Bird Eat Bird World

I originally scheduled the day after my Birdathon trip as a rest day. But the promising weather and my large cup of coffee made me to drive 3 hours southwest to Yaquina Head Lighthouse on the Oregon coast instead.

There were recent reports of an active Peregrine Falcon nest and it was just too tempting to resist.

Yaquina Bay Lighthouse

I arrived at the lighthouse natural area, but not knowing exactly where the nest was, I looked around and found a surprising scene.

Masacre

It was a massacre. Bald Eagles, followed by scavenging Western Gulls had decimated what looked like hundreds of Common Murre eggs.

Evidence

Evidence

Partners in crime

Partners in crime

This one had a taste for crow

This one had a taste for crow

Bald Eagle

One of these birds is not like the other

One of these birds is not like the other

Nature can be brutal. Volunteers at the lighthouse have U.S. Fish & Wildlife Service pamphlets for the visiting public that explain the phenomenon further.

Pamphlet

Adapting Anew to an Old Foe: Recently, Bald Eagle have moved into places they haven’t been seen in years. Common Murre in these areas have little experience with Bald Eagle predation and often flee when eagles approach. Some murres are readapting to this historic predator. Instead of abandoning their nests they sit tight and wait for the danger to pass.”

Unfortunately for the murres, the eagles got the upper hand this day. This article is also a great read about the recent rebalancing.

It was hopeful to see some rocks still piled with healthy and live Common Murre.

Common Murre

Still no signs of the peregrines, so I followed the stairs down to the tidal pools to visit Harlequin Ducks and Black Oystercatcher.

Harlequin Duck

Black Oystercatcher

I looked to my right to see a pair of Pelagic Cormorant acting lovey dovey on their nest.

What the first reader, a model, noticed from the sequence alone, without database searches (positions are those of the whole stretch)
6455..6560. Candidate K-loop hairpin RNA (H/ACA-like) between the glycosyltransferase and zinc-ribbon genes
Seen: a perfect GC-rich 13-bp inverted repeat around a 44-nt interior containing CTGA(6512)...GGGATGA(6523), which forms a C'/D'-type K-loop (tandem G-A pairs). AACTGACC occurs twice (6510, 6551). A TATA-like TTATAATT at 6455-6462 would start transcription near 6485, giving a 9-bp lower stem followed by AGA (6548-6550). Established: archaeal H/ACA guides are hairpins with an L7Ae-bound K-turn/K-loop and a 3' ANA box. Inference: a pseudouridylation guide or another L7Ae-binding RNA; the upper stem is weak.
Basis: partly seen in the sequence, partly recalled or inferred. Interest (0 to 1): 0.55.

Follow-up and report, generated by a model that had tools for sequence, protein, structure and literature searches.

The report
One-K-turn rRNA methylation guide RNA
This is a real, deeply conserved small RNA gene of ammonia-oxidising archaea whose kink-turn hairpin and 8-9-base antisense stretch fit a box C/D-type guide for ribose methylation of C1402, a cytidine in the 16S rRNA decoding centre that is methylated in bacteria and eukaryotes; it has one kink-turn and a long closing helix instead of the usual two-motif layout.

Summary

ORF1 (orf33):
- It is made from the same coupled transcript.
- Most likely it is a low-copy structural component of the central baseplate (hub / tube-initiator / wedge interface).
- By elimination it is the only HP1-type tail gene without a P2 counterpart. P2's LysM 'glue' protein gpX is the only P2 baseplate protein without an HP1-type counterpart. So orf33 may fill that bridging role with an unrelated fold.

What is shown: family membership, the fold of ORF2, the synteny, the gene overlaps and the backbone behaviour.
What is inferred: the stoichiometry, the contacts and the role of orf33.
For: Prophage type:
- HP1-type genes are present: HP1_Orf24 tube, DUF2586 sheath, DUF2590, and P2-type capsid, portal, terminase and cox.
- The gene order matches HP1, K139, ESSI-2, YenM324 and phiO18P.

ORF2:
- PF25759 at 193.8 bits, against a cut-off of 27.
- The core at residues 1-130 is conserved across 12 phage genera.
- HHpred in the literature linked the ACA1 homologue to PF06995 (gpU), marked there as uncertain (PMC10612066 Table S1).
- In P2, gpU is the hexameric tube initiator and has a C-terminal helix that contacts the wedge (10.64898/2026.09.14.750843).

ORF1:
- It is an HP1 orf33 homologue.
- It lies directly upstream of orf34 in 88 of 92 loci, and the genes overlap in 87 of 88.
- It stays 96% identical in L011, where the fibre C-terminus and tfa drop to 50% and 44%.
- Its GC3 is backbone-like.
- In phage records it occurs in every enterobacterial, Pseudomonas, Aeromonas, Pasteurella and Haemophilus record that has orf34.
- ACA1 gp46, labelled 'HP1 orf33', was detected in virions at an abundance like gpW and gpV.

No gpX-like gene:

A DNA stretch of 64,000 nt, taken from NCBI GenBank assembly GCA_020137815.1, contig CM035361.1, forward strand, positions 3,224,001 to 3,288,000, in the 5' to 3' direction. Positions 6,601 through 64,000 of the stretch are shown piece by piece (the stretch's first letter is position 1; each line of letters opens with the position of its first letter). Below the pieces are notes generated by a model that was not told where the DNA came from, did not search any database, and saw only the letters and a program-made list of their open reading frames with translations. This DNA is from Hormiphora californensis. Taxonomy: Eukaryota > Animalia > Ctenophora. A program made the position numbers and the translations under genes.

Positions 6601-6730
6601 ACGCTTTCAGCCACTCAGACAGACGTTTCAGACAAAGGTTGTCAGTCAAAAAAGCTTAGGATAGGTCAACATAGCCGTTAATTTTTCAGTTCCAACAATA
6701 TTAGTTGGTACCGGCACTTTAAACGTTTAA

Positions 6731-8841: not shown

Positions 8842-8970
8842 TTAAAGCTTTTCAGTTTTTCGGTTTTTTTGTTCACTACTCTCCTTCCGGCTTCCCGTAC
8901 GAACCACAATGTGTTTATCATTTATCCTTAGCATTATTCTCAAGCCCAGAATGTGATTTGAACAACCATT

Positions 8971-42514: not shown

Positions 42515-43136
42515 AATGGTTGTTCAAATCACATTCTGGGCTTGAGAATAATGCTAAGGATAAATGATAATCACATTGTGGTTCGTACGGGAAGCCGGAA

Pelagic Cormorant

Pelagic Cormorant

Aw, so sweet. And here’s a Western Gull for good measure.

Western Gull

At this point I realized the peregrine nest was possibly on the cliff-face near the visitor center. Indeed it was. As I drove closer, I saw the group of cameras, tripods, and long lenses and knew I had found the right place.

Peregrine nestlings

Yep. Peregrine Falcon chicks!

Peregrine family

Ferociously sweet. And the Common Murres aren’t the only ones tormented by eagles. So too was this brave falcon parent.

Bald Eagle and Peregrine Falcon

With prey gripped in her talons she flew toward her nest, when suddenly three juvenile Bald Eagles swarmed her and she dropped the prey in the parking lot. Used to the drama, a Yaquina Head Interpretive center employee promptly came outside to escort the spectators to look at the dropped meal before barricading it off.

Falcon food- any guesses?

Falcon food- any guesses?

Wildlife protection

For the next hour the falcon zoomed back and forth in the sky defending her territory from eagles and now Turkey Vultures that entered the scene thanks to the dropped goodies.

Turkey Vulture

Being a Peregrine parent is hard work.

Peregrine Falcon

Things quieted down before a second, male falcon (according to the crowd), brought in fresh prey and the pair switched off.

Peregrine Falcon

Good bird.

The latest word on the fledglings:

Be brave little murres, the peregrines are coming!

Tweets and Chirps,

Audrey

3 Days at Cape Lookout

After 19 days straight of rain in Portland, I was itching for sunshine. My chance came last week when the forecast promised “sunny and nice.” So I ditched work and headed for the coast. Thanks to the Blue Heron French Cheese Company’s generosity, I parked my car at their Tillamook location and biked the remaining 13 miles to Cape Lookout State Park.

Here goes llama

I can’t say enough about the hiker/biker campground at Cape Lookout.

Camp style

It’s so damn wonderful. There is one drawback though to camping on the Oregon coast that I forgot about: crafty raccoons (is there any other kind?). I awoke to suspicious noises at 3:30am, looked outside the tent, and saw the burglars going through my bike buckets. I shooed them away and went back to sleep.